The Gospel Is for the Broken
As I post this I have tears in my eyes as I once again acknowledge that I came mighty close to being “one of the sad ones” that this man writes about. God preserved me and saved me yet again, and I am blessed and thankful beyond words.
But all around us the church is messing up—and messing up bad. We will be held accountable for the “sad ones” that this man writes of, and all of the little children who are lost from the grace of Christ. The gospel is the most freeing and joyful message in this world.
If you’re not feeling free and joyful, then something is wrong. It may not be with the message you are hearing, or with the messenger. But on the other hand—it might be.
When the major stress in pulpit and curriculum shifts from “Christ outside of me, dying for me” to “Christ inside of me, improving me,” the upshot is always the same: many broken, sad ex-Christians who despair of being able to live the Christian life as the Bible describes it. So they do what is really a sane thing to do — they leave. The way it looks to them is that “the message of Christianity has broken them on the rack.” To put it bluntly, it feels better to have some earthly happiness as a pagan and then be damned than it feels to be trying every day as a Christian to do something that is one continuous failure — and then be damned anyway.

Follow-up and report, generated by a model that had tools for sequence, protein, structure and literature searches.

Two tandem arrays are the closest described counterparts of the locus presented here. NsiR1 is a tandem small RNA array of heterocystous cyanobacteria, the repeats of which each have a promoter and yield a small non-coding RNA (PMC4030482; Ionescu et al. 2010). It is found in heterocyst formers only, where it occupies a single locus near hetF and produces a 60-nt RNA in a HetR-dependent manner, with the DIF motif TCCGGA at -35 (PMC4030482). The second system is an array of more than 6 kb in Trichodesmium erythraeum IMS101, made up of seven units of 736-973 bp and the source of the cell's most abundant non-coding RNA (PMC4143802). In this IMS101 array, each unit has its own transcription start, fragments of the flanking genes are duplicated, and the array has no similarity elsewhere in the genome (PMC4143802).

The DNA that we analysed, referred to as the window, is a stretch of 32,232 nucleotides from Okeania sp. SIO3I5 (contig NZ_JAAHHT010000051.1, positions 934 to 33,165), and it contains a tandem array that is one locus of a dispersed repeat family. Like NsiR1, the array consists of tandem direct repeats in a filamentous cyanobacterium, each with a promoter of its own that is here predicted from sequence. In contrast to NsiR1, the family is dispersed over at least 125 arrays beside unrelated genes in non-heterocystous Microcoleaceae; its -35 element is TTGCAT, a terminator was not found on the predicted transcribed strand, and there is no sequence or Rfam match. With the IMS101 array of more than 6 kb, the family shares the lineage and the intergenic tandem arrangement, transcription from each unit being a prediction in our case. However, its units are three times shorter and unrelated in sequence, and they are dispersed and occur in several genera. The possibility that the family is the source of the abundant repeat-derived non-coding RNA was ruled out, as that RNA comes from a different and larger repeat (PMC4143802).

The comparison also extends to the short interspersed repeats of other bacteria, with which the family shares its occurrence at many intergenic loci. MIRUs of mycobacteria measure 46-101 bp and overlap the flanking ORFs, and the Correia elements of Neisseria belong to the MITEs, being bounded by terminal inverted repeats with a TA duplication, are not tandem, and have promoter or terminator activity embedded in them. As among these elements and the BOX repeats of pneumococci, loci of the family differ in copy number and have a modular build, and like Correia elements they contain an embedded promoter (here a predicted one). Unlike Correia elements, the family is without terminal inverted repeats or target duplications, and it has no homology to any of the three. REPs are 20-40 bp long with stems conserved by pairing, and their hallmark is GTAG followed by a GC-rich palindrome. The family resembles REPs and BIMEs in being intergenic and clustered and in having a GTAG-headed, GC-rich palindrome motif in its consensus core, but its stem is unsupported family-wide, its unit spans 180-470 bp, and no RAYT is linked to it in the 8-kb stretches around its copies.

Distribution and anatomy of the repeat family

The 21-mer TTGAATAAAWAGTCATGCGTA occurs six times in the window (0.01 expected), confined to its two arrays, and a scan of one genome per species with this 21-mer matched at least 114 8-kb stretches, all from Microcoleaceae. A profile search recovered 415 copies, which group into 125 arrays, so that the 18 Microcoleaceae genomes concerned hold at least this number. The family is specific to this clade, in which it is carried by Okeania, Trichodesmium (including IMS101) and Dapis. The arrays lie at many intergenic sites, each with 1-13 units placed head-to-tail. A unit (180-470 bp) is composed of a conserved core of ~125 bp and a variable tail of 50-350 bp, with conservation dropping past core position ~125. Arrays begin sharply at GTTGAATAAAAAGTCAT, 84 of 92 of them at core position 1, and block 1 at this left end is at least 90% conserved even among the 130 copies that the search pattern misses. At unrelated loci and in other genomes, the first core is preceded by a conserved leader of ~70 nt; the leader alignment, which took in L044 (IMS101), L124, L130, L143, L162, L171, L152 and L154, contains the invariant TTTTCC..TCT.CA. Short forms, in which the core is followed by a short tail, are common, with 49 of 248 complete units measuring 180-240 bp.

The key question here is a very basic one: Can the cross and blood of Christ save a Christian (failing as he is in living the Christian life) or not? Most of us would say, I hope, that the shed blood of Christ is sufficient to save a sinner all by itself. So far, so good.
But is the blood of Christ enough — all by itself — to save a still-sinful-Christian? Or isn’t it? Is what Luther said about the Christian being simul justus et peccator biblical or not? Can Christ’s righteousness imputed save a still-sinful Christian? And can it save him all by itself? Or not? I think the way we answer this question determines whether we have anything at all to say to the “sad alumni” of Christianity.
Has the Law done its killing work on these “sad ones?” Boy, has it ever. They need more of the Law like they need a hole in the head. For them, the gospel often got lost in a whole bunch of “Christian-life preaching.” And it “did them in.” So they left. And down deep there is a sadness in such people that defies description.
C.F.W. Walther said that as soon as the Law has done its crushing work, the gospel is to be instantly preached or said to such a man or woman. What the “sad alumni” need to hear (perhaps for the first time) is that Christian failures are going to walk into heaven, be welcomed into heaven, leap into heaven like a calf leaping out of its stall, laughing and laughing as if it’s all too good to be true.
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